Prix Gaïa 1994 – Anton Bally. Entrepreneurship Category
He was recognized for the essential role he played in the technical management of ETA SA Fabriques d'Ebauches and most especially for the creation of the famous ETA 2892 caliber, which earned an excellent reputation.
Qualified microtechnics ETS engineer.
- Development of calibers for mechanical and electronic watches
- Design of the ETA 2892 A2 caliber
- Manager of ETA Far-East and ETA SA
Before he joined the watchmaking industry, Anton Bally first wanted to acquire some solid technical training. To do so, he passed a Microtechnology Components Drafter CFC, followed by an ETS diploma in microtechnological engineering. He also undertook training at the Institute of Microtechnology at the University of Neuchâtel.
As soon as he completed his studies, he was hired by ETA SA in Granges, where he reunited with the company where he had done his apprenticeship.
First hired as designer of mechanical and electronic calibers, he was offered various positions within the manufacture as from 1976, including head of product development department and assistant to the Director-General.
The 3 laureates : François MErcier, François-Paul Journe and Anton Bally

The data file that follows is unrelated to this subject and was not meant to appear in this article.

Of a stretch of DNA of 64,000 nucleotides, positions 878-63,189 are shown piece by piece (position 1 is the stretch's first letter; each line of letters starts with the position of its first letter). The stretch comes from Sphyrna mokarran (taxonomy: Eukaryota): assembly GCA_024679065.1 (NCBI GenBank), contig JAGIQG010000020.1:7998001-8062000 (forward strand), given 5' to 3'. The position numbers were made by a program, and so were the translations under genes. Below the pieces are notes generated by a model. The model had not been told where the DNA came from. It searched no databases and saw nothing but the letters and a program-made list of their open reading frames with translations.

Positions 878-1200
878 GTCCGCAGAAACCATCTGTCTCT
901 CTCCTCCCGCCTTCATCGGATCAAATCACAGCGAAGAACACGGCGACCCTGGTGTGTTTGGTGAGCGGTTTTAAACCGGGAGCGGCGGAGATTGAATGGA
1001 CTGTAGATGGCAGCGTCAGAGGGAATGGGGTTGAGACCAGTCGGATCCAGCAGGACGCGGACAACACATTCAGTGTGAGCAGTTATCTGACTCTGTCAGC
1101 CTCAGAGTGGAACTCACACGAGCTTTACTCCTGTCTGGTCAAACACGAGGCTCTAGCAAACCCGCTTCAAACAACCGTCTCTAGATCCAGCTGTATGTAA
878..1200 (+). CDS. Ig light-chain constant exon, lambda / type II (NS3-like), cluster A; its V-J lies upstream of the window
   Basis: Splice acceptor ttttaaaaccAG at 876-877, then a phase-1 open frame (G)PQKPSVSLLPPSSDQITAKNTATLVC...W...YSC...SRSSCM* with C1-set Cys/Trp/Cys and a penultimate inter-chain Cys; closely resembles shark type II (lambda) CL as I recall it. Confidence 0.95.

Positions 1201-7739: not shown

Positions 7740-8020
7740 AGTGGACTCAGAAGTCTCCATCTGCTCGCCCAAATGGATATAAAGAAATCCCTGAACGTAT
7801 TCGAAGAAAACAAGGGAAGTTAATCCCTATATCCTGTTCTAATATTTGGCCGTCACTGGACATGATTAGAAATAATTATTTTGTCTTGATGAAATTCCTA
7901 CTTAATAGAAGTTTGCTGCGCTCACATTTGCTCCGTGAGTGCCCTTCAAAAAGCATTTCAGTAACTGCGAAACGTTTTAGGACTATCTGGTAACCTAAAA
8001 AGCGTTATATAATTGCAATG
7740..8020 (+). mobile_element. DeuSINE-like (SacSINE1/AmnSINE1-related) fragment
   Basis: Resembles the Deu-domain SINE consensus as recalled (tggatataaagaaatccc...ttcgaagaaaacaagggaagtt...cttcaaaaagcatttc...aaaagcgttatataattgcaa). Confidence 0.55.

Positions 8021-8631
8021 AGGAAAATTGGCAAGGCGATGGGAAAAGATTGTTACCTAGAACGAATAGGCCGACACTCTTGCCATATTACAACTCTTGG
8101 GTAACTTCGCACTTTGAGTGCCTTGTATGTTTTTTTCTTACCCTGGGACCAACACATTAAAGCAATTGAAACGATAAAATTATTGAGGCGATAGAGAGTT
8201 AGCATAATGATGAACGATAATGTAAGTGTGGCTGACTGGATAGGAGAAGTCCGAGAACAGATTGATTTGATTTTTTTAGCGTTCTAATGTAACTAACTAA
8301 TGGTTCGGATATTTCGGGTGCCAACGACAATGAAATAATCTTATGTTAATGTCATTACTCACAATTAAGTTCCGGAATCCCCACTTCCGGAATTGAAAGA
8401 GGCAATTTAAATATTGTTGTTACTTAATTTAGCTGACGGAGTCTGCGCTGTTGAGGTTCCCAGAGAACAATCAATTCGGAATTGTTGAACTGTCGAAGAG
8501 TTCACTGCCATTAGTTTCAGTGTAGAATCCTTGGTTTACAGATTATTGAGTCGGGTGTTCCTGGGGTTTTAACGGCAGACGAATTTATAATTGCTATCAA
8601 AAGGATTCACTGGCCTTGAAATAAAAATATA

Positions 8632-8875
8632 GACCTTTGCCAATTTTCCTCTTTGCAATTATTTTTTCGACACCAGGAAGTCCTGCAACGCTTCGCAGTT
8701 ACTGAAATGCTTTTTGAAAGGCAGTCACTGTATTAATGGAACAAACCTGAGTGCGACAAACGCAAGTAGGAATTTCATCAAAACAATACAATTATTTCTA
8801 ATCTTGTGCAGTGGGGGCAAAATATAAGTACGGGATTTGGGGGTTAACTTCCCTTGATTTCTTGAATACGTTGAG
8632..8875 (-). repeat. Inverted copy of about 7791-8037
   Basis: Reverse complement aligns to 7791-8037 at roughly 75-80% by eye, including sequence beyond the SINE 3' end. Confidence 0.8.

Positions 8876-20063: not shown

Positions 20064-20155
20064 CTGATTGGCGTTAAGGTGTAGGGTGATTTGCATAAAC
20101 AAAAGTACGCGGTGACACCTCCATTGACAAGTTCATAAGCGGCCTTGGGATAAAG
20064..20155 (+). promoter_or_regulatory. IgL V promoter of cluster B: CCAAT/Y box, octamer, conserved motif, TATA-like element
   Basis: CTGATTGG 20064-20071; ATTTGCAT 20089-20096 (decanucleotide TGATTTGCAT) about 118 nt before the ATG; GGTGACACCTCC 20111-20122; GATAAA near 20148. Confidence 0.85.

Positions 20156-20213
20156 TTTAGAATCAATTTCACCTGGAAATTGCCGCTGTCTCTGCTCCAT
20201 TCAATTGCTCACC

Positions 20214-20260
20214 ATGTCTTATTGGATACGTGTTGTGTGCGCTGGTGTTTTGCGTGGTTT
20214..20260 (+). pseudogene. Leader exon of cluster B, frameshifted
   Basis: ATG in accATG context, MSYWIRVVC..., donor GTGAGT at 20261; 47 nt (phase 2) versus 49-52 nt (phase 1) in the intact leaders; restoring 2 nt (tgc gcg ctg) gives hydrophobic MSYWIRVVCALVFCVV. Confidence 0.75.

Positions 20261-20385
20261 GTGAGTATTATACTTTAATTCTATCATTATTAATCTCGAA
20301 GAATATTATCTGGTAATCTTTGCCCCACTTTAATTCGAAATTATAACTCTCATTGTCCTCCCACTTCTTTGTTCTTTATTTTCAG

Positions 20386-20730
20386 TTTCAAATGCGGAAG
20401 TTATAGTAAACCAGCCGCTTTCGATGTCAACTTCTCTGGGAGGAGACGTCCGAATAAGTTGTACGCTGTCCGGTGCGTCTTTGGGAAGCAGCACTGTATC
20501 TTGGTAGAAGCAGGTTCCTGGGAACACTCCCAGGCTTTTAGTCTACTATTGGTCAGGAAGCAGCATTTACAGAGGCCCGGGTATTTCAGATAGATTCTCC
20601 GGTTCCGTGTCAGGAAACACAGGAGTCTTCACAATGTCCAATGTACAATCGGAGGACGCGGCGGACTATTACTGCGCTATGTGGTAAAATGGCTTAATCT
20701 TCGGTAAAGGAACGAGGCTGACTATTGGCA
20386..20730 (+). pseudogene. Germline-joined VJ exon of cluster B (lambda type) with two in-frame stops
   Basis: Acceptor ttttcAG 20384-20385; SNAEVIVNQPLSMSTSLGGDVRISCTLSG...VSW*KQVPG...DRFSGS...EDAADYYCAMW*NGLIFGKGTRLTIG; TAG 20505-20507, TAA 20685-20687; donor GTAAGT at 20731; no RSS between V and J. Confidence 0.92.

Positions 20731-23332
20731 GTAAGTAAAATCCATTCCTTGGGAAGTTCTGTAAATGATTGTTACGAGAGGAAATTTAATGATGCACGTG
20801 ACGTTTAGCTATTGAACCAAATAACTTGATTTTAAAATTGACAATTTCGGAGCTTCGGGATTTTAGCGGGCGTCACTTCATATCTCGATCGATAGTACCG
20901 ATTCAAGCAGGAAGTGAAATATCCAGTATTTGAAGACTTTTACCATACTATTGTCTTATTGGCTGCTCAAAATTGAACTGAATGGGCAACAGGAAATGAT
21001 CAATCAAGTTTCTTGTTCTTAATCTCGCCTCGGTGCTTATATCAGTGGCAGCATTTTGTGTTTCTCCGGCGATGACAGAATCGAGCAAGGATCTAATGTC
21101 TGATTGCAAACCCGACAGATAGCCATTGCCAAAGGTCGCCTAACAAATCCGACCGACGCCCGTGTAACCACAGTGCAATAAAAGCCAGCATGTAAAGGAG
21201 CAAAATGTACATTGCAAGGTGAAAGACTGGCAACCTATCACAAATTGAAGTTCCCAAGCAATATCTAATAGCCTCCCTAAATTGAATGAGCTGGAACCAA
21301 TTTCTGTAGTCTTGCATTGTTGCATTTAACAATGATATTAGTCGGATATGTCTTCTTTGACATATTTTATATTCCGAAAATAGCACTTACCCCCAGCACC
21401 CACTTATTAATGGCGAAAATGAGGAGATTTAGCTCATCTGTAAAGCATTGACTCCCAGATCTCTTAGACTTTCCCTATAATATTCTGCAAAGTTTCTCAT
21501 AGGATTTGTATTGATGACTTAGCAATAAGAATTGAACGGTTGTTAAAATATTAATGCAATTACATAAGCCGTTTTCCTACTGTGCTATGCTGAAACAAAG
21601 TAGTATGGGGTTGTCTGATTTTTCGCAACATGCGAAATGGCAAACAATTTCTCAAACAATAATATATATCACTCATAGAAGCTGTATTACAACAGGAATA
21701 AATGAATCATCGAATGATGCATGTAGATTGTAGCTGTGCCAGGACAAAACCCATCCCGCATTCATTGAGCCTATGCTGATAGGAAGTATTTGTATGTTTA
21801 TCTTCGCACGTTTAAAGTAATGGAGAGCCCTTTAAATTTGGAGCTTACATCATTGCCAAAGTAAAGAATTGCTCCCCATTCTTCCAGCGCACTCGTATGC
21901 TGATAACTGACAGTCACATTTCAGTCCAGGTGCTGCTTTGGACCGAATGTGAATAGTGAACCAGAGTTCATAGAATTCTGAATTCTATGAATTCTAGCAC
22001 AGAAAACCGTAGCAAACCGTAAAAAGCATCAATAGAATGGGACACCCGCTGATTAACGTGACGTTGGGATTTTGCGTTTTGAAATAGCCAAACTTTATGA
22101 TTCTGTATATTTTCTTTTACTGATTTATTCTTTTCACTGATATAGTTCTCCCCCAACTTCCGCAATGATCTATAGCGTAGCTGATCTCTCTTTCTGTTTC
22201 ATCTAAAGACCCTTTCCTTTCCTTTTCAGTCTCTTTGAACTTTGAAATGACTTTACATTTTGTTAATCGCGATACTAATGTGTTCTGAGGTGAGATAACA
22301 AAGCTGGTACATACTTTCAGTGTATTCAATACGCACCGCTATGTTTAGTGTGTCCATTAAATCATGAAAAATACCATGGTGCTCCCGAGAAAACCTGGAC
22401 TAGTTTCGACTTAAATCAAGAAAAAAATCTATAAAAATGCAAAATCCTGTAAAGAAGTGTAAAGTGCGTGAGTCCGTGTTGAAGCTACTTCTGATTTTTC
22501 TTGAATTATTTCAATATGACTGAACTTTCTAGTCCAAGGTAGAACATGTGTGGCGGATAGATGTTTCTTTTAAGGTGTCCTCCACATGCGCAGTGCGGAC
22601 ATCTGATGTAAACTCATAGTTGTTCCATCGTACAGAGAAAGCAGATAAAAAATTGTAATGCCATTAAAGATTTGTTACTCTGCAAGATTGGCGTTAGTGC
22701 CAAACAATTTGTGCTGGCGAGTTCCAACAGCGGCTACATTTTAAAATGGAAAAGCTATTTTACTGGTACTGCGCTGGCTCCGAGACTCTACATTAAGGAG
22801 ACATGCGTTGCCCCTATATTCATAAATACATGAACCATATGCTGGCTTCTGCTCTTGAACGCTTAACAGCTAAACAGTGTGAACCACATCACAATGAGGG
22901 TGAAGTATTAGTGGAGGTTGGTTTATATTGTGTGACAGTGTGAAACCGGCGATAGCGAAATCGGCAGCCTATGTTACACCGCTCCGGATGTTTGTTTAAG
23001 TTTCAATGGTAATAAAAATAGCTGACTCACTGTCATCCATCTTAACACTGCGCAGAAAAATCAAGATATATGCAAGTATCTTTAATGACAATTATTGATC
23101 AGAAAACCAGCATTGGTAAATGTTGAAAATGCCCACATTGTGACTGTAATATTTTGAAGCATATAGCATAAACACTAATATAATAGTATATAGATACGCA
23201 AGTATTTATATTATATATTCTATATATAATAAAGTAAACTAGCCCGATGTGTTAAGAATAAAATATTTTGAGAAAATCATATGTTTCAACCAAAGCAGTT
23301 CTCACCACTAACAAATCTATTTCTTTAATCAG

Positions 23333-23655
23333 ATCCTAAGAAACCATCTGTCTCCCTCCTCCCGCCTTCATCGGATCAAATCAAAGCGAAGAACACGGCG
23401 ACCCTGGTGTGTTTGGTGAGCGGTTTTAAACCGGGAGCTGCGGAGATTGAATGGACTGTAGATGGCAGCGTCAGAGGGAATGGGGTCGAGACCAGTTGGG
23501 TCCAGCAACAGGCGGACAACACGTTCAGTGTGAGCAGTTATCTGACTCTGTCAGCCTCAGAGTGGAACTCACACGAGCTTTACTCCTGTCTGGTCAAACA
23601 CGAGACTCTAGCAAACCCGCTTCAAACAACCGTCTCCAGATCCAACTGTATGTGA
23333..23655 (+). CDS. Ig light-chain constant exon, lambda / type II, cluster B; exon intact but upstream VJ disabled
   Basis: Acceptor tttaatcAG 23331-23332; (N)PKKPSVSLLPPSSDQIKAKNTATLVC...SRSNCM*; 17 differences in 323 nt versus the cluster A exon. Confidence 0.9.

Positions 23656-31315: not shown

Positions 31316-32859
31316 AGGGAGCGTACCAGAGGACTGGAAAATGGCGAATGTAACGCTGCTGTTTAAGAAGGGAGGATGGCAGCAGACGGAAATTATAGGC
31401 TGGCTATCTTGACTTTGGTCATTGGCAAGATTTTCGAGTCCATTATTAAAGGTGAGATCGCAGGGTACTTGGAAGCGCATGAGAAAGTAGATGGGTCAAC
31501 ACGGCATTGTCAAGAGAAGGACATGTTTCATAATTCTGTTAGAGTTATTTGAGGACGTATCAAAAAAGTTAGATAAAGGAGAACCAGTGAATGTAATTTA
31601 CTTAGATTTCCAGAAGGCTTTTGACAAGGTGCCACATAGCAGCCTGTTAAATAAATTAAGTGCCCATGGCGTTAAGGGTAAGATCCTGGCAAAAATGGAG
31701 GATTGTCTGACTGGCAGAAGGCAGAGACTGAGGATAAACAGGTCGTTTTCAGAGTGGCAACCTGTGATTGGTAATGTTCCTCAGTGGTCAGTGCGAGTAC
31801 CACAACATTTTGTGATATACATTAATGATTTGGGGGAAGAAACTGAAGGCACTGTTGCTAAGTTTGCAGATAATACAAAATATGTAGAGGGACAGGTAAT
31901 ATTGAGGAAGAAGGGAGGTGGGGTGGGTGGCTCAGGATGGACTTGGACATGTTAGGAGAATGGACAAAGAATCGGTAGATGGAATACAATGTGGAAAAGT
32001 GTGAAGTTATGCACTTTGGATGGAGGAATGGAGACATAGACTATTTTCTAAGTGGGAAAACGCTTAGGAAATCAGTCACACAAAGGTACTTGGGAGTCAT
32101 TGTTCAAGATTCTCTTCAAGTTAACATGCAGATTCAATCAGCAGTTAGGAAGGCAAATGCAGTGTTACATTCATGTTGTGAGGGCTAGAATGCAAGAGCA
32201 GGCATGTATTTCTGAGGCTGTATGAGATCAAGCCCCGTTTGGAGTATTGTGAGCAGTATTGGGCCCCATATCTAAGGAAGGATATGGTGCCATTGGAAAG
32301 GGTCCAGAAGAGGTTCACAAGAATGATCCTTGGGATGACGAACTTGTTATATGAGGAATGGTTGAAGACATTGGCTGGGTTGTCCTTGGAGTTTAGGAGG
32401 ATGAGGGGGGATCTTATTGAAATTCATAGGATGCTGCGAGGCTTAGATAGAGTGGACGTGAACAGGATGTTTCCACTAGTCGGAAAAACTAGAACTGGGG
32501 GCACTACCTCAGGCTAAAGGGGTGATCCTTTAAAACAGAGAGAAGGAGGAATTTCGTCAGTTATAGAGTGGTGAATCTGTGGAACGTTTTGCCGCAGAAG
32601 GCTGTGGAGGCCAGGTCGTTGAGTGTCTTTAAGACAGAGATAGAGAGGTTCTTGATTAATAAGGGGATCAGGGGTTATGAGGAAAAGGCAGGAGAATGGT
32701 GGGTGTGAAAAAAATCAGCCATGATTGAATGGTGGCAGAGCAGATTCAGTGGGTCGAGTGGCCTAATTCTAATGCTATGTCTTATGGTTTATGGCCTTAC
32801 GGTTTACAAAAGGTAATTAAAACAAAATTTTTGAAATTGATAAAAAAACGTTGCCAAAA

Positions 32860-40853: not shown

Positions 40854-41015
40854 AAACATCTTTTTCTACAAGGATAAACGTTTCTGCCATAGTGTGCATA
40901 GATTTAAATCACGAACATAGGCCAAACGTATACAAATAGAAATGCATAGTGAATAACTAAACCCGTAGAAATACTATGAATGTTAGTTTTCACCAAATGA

At a time when the watch industry was undergoing major change, Anton Bally played a significant role in the Delirium Vulgaris project that was inspired by the legendary Delirium Tremens. In fact, the latter's components were integrated at the bottom of the case, which was then used as a plate. From then on, the objective was to develop a cheap watch based on the same principle. And so, in 1982, the Swatch (contraction of 'Swiss watch') was unveiled - almost exclusively made of plastic, it was produced in mass, sold at unrivaled prices and the rest is history.
At the same time, ETA SA, led by Bally, came up with the new ETA 2892 A2 caliber, a mechanical movement equipped with a self-winding system and date indicator.
After he spent several years working in Switzerland, Bally went to Hong-Kong where he was appointed the director of ETA Far East. In 1992, he returned to Switzerland and at 47 years old, became the vice-president and, later on, president of ETA SA. He was also a member of the general management of the Société de Microélectronique et d'Horlogerie SA (SMH) group.
After he won the Prix Gaïa, Bally continued his original quest by pursuing his work within the watchmaking industry.
He represented the Swatch Group in the board of directors of the Swiss Center for Electronics and Microtechnology (CSEM), at the Fondation Suisse pour la Recherche en Microtechnique (FRSM) and at the Fondation en faveur du Laboratoire de Recherches Horlogères (FLRH).